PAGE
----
BETT is the annual “pop-up department store” for education professionals and decision makers and the European edition is organized in London every January. An immense crowd and a large number of companies gather in the exhibit halls of Olympia to improve the quality of teaching and learning. Does BETT deliver?
The quality of the conference program, the lectures and presentations, varies greatly. There were a few interesting panel discussions at the Education Leaders conference, which is a parallel event that takes place alongside BETT. Unfortunately these discussions were not well attended this year.
BETT is very international and it has always been a popular destination especially for Nordic participants. This year many companies catered to visitors from the Nordic countries with Swedish or Norwegian speaking staff or even a separate stand to accommodate their needs. A few Nordic companies, with no clients in the UK, had even set up a stand only because their most important Nordic clients were all at BETT.
As usual there was a lot of software and hardware for life sciences and languages, the biggest manufacturers of interactive whiteboards and content providers. Many companies had come with new and improved school management software, assessment tools and behavior follow-up tools and were ready to corner the market created by the budding free schools and academies. A newcomer was Singapore with a few firms demonstrating games and learning materials.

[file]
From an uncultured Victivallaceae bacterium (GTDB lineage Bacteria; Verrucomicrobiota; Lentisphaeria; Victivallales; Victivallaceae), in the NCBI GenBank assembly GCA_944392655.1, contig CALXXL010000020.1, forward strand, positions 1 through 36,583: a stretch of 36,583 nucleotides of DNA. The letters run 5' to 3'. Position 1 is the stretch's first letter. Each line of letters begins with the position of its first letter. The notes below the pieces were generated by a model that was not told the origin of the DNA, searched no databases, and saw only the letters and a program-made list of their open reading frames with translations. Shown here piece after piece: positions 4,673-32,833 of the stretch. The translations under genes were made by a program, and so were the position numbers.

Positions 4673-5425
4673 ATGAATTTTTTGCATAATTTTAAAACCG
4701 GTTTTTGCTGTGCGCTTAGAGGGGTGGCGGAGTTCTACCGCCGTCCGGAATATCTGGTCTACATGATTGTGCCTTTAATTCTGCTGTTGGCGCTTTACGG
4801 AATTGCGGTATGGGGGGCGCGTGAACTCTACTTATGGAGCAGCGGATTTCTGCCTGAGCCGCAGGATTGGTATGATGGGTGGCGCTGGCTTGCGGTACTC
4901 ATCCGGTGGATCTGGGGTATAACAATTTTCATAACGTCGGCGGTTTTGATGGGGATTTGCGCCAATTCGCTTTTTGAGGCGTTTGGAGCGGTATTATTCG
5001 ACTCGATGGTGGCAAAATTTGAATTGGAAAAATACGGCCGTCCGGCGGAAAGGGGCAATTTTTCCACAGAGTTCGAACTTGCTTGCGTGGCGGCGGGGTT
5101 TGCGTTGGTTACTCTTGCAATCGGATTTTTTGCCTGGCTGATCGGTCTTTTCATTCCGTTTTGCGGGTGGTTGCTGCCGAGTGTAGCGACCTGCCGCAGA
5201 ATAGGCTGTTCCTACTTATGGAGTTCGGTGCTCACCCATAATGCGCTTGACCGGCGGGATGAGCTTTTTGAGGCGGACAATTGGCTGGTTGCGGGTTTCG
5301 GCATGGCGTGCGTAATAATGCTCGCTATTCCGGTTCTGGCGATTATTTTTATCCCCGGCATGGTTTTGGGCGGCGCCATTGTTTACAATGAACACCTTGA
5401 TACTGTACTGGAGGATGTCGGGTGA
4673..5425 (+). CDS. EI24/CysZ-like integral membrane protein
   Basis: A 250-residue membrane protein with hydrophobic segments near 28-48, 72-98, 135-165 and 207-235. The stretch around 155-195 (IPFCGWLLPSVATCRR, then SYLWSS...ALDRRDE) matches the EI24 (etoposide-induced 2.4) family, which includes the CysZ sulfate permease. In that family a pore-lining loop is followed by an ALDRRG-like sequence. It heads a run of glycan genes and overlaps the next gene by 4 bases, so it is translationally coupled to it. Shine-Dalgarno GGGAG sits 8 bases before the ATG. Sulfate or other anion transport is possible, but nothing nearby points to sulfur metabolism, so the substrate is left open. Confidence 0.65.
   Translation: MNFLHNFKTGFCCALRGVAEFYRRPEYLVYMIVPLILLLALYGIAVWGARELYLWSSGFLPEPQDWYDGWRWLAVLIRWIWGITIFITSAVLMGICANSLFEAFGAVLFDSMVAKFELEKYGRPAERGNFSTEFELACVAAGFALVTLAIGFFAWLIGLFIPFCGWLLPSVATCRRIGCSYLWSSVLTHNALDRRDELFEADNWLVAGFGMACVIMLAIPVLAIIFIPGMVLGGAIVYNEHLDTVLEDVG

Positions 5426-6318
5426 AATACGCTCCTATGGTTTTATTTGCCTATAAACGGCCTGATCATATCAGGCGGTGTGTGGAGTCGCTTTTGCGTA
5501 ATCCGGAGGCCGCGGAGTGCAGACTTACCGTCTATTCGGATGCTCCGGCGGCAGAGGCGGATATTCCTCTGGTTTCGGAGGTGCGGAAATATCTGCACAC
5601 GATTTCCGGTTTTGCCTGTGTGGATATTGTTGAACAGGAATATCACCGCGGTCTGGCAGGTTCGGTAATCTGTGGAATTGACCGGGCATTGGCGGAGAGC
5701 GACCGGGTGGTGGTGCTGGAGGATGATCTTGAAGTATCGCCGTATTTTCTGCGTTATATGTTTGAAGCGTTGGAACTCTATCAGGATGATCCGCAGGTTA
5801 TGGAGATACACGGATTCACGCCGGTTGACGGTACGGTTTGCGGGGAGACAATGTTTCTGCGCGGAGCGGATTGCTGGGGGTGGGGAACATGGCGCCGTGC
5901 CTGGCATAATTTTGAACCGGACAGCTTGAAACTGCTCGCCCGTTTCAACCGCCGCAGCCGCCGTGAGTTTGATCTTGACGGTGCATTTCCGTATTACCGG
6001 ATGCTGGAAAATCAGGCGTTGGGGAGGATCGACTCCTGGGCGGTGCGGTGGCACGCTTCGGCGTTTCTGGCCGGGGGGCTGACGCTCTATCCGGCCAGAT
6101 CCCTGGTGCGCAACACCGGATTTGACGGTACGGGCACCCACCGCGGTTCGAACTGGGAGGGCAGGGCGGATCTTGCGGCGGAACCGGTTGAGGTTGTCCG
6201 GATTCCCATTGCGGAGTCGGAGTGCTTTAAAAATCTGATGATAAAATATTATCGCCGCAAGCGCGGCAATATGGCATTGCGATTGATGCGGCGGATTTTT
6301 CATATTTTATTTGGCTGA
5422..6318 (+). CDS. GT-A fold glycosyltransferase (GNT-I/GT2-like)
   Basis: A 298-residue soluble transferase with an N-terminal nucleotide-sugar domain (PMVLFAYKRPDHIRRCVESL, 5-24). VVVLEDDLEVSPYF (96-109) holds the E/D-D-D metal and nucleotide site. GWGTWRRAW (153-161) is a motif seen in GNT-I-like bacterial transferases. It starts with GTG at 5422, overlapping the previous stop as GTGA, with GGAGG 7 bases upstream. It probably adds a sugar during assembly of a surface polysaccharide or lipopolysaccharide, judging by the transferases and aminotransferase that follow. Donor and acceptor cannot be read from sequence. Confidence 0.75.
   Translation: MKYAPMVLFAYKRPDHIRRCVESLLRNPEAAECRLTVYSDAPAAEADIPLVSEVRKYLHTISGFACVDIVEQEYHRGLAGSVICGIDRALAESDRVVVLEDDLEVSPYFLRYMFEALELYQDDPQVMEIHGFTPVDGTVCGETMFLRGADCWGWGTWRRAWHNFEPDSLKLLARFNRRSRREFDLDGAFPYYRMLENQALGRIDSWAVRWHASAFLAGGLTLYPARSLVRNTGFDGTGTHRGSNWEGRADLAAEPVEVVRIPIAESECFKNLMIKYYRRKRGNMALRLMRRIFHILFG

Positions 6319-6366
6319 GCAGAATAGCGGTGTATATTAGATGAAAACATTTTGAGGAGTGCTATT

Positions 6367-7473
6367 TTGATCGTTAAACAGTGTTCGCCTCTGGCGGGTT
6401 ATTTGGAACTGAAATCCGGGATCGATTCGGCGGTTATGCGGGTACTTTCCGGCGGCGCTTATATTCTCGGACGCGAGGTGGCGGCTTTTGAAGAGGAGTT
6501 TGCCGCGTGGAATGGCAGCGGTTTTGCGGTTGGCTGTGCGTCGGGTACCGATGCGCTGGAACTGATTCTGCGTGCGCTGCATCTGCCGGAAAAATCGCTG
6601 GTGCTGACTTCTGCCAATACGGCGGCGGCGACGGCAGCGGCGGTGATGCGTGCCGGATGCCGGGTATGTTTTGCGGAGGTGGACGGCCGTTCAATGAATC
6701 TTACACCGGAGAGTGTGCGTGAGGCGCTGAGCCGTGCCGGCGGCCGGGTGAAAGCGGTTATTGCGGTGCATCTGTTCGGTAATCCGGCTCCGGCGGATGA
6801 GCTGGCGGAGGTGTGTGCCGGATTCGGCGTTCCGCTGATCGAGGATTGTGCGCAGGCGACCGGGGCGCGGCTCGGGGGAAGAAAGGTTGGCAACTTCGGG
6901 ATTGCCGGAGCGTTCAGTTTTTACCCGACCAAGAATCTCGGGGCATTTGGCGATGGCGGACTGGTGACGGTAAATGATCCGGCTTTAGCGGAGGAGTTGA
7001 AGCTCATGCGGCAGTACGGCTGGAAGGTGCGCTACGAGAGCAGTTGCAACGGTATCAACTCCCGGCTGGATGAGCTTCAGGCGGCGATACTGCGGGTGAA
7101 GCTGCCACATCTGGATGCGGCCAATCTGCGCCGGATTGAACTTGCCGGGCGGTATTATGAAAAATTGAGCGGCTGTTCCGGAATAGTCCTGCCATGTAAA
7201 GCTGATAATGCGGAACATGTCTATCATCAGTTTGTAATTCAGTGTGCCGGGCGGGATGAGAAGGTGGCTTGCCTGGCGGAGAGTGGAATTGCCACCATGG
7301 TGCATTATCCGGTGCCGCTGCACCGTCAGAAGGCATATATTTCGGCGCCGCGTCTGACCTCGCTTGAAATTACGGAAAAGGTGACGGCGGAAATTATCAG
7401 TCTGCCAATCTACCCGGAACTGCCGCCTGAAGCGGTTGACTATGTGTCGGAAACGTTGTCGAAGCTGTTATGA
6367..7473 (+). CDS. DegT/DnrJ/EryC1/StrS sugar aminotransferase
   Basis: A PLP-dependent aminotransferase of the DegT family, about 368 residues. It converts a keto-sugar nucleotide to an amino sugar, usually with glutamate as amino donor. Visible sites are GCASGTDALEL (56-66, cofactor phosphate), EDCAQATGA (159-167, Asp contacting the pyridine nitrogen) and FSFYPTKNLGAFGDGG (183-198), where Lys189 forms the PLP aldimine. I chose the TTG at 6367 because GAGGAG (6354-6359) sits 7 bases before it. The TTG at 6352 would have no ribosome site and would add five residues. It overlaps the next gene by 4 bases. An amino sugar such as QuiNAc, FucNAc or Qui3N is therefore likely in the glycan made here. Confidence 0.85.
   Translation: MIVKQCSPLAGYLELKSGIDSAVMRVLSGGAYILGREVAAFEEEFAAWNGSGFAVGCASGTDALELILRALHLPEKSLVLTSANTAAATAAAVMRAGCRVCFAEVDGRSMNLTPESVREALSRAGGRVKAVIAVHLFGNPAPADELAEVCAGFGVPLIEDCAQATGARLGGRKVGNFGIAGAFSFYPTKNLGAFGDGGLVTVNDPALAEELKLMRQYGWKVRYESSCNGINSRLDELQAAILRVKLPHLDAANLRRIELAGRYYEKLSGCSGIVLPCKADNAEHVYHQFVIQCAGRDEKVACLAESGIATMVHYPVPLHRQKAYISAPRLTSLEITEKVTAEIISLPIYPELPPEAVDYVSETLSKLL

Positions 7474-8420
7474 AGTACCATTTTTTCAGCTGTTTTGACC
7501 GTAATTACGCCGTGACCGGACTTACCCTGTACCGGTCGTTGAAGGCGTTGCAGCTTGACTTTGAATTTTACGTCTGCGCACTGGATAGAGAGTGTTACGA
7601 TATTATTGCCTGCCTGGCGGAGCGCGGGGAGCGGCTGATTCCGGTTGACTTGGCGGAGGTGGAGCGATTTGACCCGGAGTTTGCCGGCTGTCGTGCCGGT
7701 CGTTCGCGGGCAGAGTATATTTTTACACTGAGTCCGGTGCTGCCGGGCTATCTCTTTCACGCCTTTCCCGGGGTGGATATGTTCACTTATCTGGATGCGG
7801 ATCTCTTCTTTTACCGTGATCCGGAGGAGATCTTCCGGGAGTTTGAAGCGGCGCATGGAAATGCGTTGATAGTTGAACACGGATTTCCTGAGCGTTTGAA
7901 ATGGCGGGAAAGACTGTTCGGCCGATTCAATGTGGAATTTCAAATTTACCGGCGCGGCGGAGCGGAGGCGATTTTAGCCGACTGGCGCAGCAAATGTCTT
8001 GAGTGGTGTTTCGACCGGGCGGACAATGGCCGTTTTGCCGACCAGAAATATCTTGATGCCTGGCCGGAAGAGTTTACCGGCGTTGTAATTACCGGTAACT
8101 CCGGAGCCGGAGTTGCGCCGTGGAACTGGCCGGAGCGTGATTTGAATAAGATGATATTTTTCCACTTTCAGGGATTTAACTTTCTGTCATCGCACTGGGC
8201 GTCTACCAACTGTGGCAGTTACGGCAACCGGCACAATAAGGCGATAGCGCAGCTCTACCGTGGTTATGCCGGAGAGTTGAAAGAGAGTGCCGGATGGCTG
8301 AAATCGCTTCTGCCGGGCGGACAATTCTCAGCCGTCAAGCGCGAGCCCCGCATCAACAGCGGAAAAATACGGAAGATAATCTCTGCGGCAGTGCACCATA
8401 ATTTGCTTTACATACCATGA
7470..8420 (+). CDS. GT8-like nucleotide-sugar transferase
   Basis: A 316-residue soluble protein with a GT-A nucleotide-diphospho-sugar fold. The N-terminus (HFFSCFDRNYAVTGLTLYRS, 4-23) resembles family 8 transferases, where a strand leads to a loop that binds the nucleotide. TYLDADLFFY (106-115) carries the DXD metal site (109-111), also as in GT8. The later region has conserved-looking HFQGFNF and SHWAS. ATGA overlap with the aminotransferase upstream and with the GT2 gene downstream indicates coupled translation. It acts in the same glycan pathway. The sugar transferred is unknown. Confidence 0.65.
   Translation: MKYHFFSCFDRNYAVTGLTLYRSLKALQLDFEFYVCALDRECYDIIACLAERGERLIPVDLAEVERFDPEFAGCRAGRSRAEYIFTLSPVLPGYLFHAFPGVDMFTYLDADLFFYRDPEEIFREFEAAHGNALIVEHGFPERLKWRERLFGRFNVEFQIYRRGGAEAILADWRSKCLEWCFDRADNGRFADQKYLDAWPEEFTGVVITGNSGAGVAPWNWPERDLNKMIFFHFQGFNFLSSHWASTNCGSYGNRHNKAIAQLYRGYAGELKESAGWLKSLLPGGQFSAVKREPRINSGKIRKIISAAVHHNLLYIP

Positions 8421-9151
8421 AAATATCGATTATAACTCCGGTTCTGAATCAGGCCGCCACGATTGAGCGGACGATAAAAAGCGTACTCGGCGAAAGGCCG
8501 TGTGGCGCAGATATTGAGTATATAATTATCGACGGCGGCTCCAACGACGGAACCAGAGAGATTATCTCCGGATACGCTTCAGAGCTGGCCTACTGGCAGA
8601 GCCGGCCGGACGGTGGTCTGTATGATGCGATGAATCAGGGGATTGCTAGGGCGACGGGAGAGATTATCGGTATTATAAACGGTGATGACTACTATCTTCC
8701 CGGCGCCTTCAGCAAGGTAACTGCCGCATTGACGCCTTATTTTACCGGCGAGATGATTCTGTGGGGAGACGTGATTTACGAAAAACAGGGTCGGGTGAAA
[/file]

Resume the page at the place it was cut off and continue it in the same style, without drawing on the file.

BETT is about meetings, networking, negotiations, product launches and product demonstrations, but it is also about making decisions about technology purchasing. “Shopping” at BETT is the easy part. For many IT managers and head teachers the toughest part of the job starts at home when the school tries to make the most of the new technology.
BETTer education results if the technology is reliable, easy to use and actually un-complicates the every day life at school. Technology alone does not result in improved learning or bring joy to the process of learning. The investment will be at least partially wasted if the users’ needs are ignored at any stage of the purchasing or the implementation process.
On my wish list for next year is workshops and seminars about the use of social media and using mobile devices in learning. Students have a lot of good quality technology in their pockets. Let’s put it to good use, create open source software to go with it and share it with our networks. It saves money and empowers the users and equals better learning – without BETT.